Burma must talk to rebels and China

Burma or Myanmar, is in a pickle. It’s a human rights disaster and the government is in conflict with its own ethnic communities.

Heavy fighting continues in Burma’s Kokang region despite the ongoing peace talks between the Burma government and the Kokang ethnic rebels. The fighting near the China-Burma border has at times spilled into Chinese territory. In March¬† a bomb killed five Chinese nationals.

Such conflicts have plagued Burma ever since it became independent 67 years ago. They are  rooted in the political and economic differences between the Burma central government and regional minorities.

Because of the limited success in its pursuit of unification and stability, Burma has gradually slid into recession and foreign investors shy away from it. Worse, the intensifying conflicts between government forces and ethnic rebels have dealt a deadly blow to the country’s global image, which is vital for the success of Burma’s national election at the end of this year and eventual democratic transformation.

The international community, for instance, has criticised Burma for the deaths of more than 200 people in the Kokang conflict and serious human rights abuses. In fact, Western powers have made human rights protection an important criterion for engaging with Burma and providing it aid. The legality of the national election too faces risk, because the conflict-ridden northern part of Burma is unlikely to fully participate in the process.

The conflict in north Burma has become a seesaw battle – neither government forces nor the ethnic Burma National Democratic Alliance Army – can emerge victorious in the short term. The undeveloped mountains and forests in the north, which serve as natural barriers for local armed groups, make large-scale mechanised military engagement impossible. On the other hand, the rebels lack the financial and military power to defeat government forces, though they know resistance could earn them more rights and interests.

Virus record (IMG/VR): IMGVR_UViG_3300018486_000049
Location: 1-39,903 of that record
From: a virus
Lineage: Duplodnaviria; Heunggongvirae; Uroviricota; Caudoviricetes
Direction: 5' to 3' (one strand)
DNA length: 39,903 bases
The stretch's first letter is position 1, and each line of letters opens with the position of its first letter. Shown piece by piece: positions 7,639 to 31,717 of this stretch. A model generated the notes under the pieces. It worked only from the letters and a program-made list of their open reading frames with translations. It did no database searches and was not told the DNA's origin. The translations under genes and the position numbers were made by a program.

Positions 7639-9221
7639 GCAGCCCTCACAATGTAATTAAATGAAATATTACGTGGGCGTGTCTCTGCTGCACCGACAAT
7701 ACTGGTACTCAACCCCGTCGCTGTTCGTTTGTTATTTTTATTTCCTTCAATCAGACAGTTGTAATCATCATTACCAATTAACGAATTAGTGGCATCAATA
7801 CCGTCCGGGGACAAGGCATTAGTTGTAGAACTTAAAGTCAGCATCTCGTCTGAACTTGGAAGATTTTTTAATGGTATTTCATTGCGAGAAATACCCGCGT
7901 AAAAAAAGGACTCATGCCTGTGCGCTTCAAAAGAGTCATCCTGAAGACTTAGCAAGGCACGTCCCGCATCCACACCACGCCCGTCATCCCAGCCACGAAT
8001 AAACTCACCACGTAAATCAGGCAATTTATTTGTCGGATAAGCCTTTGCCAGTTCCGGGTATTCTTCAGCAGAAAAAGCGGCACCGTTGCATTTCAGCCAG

Song Qingrun, an associate professor at the Institute of South Asia says that the increasing violence in Burma poses a threat to China’s interests. It also is a test for China-Burma ties. Just north of the 2,000-kilometre border, Yunnan has suffered the consequences of the conflict in Burma. The five Chinese nationals killed on March 13 were residents of Yunnan, which has also been facing border security and trade problems. Also, humanitarian missions in Yunnan are facing challenges in accommodating refugees from Burma and relocating local residents.

Moreover, the mutual strategic trust between the two countries could fall prey to the conflict and resultant instability in Burma, and the Beijing-proposed China-Burma-India-Bangladesh economic corridor would be difficult to complete because it has to pass through the conflict zone. Confounding these problems are rumours unleashed by some media outlets that some Chinese military veterans are backing the Kokang rebel forces.

The truth, however, is that China has never intervened in Burma’s internal affairs, let alone support any side at the expense of its own people’s well-being, says Prof Song. Instead, Chinese Foreign Ministry spokesman Hong Lei has urged the conflicting parties in Burma to “take China’s concerns seriously” and exercise restraint in order to restore peace and order along the border.

To end the violence along the border, the governments of China and Burma, along with the latter’s rebel forces, have to negotiate a truce that would require all forces to retreat from the front to re-accommodate the refugees. Besides, the results of the joint investigation into the bombing that killed the five Chinese nationals should be made public so that measures can be taken to prevent similar tragedies. The most urgent task, therefore, is for the Burma government and rebels to end the conflict by resolving their differences.

 

.

 

Share Button
Posted by on March 30, 2015. Filed under Breaking News,Burma. You can follow any responses to this entry through the RSS 2.0. Both comments and pings are currently closed.

You must be logged in to post a comment Login